The fact is, just days into the Iraq invasion the biggest obsticle to success was already recognized by troops on the ground as the Fedayeen paramilitary forces and civilians with AK-47s and RPGs.

According to the history of the war, “Operation Cobra II”, that intel got back to the Pentagon right away, but it was three years before the Generals and civilians there even acknowledged it.

It was only this Spring — far too late in terms of Iraqi reconciliation and American patience — that a counter-insurgency general was put in charge in Iraq.

What a clusterf@$k.

Posted by: American Pundit at April 27, 2007 7:51 PM
Comment #218645

Tim Crow

That was a very interesting read in the army journal. It pretty much confirms many of my personal suspicions and doubts as to the current abilities and readiness concerning our military leadership. Throw in a meddelsome chief of staff and only about one quarter of the estimated needed troop strength and you have the recipe for failure. I think these two excerpts from the article pretty much say it all. All neo-cons should give this a read. It is quite informative and lends a lot of logic to the problems in Iraq.

After going into Iraq with too few troops and no coherent plan for postwar stabilization, America’s general officer corps did not accurately portray the intensity of the insurgency to the American public. The Iraq Study Group concluded that “there is significant underreporting of the violence in Iraq.” The ISG noted that “on one day in July 2006 there were 93 attacks or significant acts of violence reported. Yet a careful review of the reports for that single day brought to light 1,100 acts of violence. Good policy is difficult to make when information is systematically collected in a way that minimizes its discrepancy with policy goals.” Population security is the most important measure of effectiveness in counterinsurgency. For more than three years, America’s generals continued to insist that the U.S. was making progress in Iraq. However, for Iraqi civilians, each year from 2003 onward was more deadly than the one preceding it. For reasons that are not yet clear, America’s general officer corps underestimated the strength of the enemy, overestimated the capabilities of Iraq’s government and security forces and failed to provide Congress with an accurate assessment of security conditions in Iraq. Moreover, America’s generals have not explained clearly the larger strategic risks of committing so large a portion of the nation’s deployable land power to a single theater of operations.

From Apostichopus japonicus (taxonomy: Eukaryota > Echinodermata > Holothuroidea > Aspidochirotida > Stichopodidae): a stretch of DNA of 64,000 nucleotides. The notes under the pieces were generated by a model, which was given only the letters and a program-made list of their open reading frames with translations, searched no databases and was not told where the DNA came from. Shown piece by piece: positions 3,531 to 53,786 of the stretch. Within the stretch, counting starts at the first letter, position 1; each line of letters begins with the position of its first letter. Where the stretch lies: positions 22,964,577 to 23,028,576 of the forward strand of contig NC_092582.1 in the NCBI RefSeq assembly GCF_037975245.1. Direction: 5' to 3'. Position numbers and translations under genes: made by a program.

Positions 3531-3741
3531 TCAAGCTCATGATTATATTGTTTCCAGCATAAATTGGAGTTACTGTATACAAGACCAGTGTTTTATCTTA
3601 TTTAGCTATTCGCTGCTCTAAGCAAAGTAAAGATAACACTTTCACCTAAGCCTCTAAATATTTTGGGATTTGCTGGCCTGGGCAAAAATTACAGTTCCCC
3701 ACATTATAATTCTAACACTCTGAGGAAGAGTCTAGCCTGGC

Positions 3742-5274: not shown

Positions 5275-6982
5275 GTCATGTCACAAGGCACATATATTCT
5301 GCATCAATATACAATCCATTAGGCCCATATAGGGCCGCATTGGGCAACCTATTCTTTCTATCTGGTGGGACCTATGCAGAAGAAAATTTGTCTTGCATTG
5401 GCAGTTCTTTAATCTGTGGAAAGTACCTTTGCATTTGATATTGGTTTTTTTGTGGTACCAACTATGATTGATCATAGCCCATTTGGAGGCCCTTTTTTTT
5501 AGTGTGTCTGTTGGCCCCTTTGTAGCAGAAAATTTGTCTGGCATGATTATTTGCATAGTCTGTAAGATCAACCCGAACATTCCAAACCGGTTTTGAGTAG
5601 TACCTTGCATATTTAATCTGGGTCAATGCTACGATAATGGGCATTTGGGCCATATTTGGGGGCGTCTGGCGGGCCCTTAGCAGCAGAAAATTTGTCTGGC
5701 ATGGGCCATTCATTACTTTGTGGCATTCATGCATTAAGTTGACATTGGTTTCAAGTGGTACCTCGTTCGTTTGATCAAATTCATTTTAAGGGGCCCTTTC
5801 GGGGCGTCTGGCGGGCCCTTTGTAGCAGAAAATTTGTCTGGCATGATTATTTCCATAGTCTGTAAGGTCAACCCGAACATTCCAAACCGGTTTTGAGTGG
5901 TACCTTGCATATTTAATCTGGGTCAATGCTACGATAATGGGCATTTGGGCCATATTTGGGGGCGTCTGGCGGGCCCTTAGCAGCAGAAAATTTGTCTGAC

The need for intelligent, creative and courageous general officers is self-evident. An understanding of the larger aspects of war is essential to great generalship. However, a survey of Army three- and four-star generals shows that only 25 percent hold advanced degrees from civilian institutions in the social sciences or humanities. Counterinsurgency theory holds that proficiency in foreign languages is essential to success, yet only one in four of the Army’s senior generals speaks another language. While the physical courage of America’s generals is not in doubt, there is less certainty regarding their moral courage. In almost surreal language, professional military men blame their recent lack of candor on the intimidating management style of their civilian masters. Now that the public is immediately concerned with the crisis in Iraq, some of our generals are finding their voices. They may have waited too long.

Posted by: ILdem at April 27, 2007 9:25 PM
Comment #218655

ILdem:

Thanks for taking the time to post an excerpt teaser for our more lazy patrons—I was in a moderate hurry and couldn’t do it myself.

If I may, I’d like to highlight what, IMO, seems to be the crux of the issue:

“Good policy is difficult to make when information is systematically collected in a way that minimizes its discrepancy with policy goals.”


This very simple statement is not only true for foreign policy decisions, it’s true for virtually any human endeavor. This has not only been the Bush administration modus operandi in so many areas of governance, I think it is true for virtually any partisan ideological operation, whether Republican, Democrat, Green or Communist. When ideology precludes assembling the facts of an issue with a disinterested honesty, serious problems are usually the result.

Witness the Far Right’s steadfast refusal to accept that human activities are contributing to global warming, for instance.